Loonie soars, TSX up on higher commodities – Waterloo Chronicle

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TORONTO — The Canadian dollar surged more than two-thirds of a U.S. cent Wednesday against a lower greenback, while rising commodities helped push the Toronto stock market higher.

The loonie was up 0.70 of a U.S. cent to 75.14 cents U.S. as other currencies also rose against the U.S. dollar.

Like equity markets, the greenback has received a boost since the victory of American president-elect Donald Trump in early November, as well as the U.S. Federal Reserve’s decision to hike interest rates on Dec. 14.

In addition to the rate increase, investors perceived the move by the central bank as hawkish after it also revised its plan for 2017. It forecasted there will be three more hikes this year rather than the originally anticipated two that it announced at its September meeting.

Norman Levine, managing director at Portfolio Management Corp., said the U.S. dollar is just taking a breather after hitting a 14-year high on Tuesday.

“It possibly went too far too fast,” he said, explaining there’s no reason behind the currency’s weakness. “Nothing goes straight up.”

In Toronto, the S&P/TSX composite index advanced for a second day in a row, climbing 113.72 points to 15,516.75, as metals and industrials stocks pushed higher.

On the corporate front, Encana Corp. (TSX:ECA) says it expects its profit margin this year will be 25 per cent higher than it had projected in October. Shares in the Calgary-based oil and gas company climbed more than seven per cent, or $1.16, to close at $17.22.

South of the border, New York stock markets rose as retail and auto stocks gained. The Dow Jones industrial average added 60.40 points to 19,942.16 and the Nasdaq composite climbed 47.93 points to 5,477.01.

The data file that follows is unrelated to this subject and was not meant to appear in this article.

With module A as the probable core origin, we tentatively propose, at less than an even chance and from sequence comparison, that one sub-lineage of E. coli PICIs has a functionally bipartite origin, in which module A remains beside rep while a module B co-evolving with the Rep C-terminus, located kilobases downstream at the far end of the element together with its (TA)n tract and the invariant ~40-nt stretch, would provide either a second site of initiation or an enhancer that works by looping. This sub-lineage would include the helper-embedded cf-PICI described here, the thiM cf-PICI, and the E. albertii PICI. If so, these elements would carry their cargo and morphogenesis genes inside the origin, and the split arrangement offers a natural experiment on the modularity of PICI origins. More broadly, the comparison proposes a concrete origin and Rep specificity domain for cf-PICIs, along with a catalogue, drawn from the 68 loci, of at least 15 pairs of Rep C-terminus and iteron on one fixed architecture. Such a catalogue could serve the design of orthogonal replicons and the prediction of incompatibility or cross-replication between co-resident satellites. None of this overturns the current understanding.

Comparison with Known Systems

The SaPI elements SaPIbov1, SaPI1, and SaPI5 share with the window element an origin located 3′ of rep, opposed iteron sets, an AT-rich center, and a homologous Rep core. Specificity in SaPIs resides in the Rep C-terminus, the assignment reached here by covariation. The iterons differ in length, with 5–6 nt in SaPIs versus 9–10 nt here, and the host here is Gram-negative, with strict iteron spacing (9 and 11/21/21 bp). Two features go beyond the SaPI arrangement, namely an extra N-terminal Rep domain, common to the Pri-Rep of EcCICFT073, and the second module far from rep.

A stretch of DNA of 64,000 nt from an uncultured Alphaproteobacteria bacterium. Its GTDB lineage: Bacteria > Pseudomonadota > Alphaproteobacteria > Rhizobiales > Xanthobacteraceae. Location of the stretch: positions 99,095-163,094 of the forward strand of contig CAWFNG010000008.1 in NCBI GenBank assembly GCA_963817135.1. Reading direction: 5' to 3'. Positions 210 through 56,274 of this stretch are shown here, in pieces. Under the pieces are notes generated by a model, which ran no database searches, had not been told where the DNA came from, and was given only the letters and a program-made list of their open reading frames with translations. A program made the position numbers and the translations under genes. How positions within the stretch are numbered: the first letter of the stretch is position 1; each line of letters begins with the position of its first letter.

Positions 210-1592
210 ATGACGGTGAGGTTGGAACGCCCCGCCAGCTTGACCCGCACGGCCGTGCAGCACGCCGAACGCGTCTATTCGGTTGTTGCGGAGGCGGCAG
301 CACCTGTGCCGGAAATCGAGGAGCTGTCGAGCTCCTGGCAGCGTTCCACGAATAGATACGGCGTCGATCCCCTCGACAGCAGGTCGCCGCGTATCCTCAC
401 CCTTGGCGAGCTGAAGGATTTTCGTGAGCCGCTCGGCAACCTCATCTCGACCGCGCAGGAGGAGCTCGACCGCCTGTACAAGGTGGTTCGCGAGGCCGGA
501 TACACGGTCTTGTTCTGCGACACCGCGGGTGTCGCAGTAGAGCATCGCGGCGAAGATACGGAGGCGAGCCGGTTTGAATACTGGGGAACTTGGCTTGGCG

The S&P 500 rose 12.92 points to 2,270.75, just shy of its record closing level of 2,271.72 set on Dec. 13.

Levine anticipates markets will continue to climb into 2017.

“You got all the naysayers who say stocks are at a peak here and due to go down, maybe temporarily,” he said. “But if economic numbers do come in better than expected, that means corporate profits will come in better and that’s good for stock prices.

“While I wouldn’t be surprised or upset with a correction, I still believe there is still further upside in the stock market.”

In economic news, the Fed also released minutes from its last rate policy meeting from Dec. 13-14.

In the notes, Federal Reserve officials said they are open to accelerating future rate hikes to fight inflation and if a strong growing economy pushes the unemployment rate to fall faster than previously anticipated.

Although the central bank didn’t name Trump, it noted that new government policies have increased uncertainty about the country’s economic outlook.

Most commodities were higher, as the February crude contract jumped 93 cents to US$53.26 per barrel, while the February gold contract rose $3.30 to US$1,165.30 an ounce. March copper contracts gained seven cents at US$2.56 a pound.

February natural gas shed losses for a fourth straight day, down six cents to $3.27 per mmBTU.

— With files from The Associated Press

Follow @LindaNguyenTO on Twitter.

By Linda Nguyen, The Canadian Press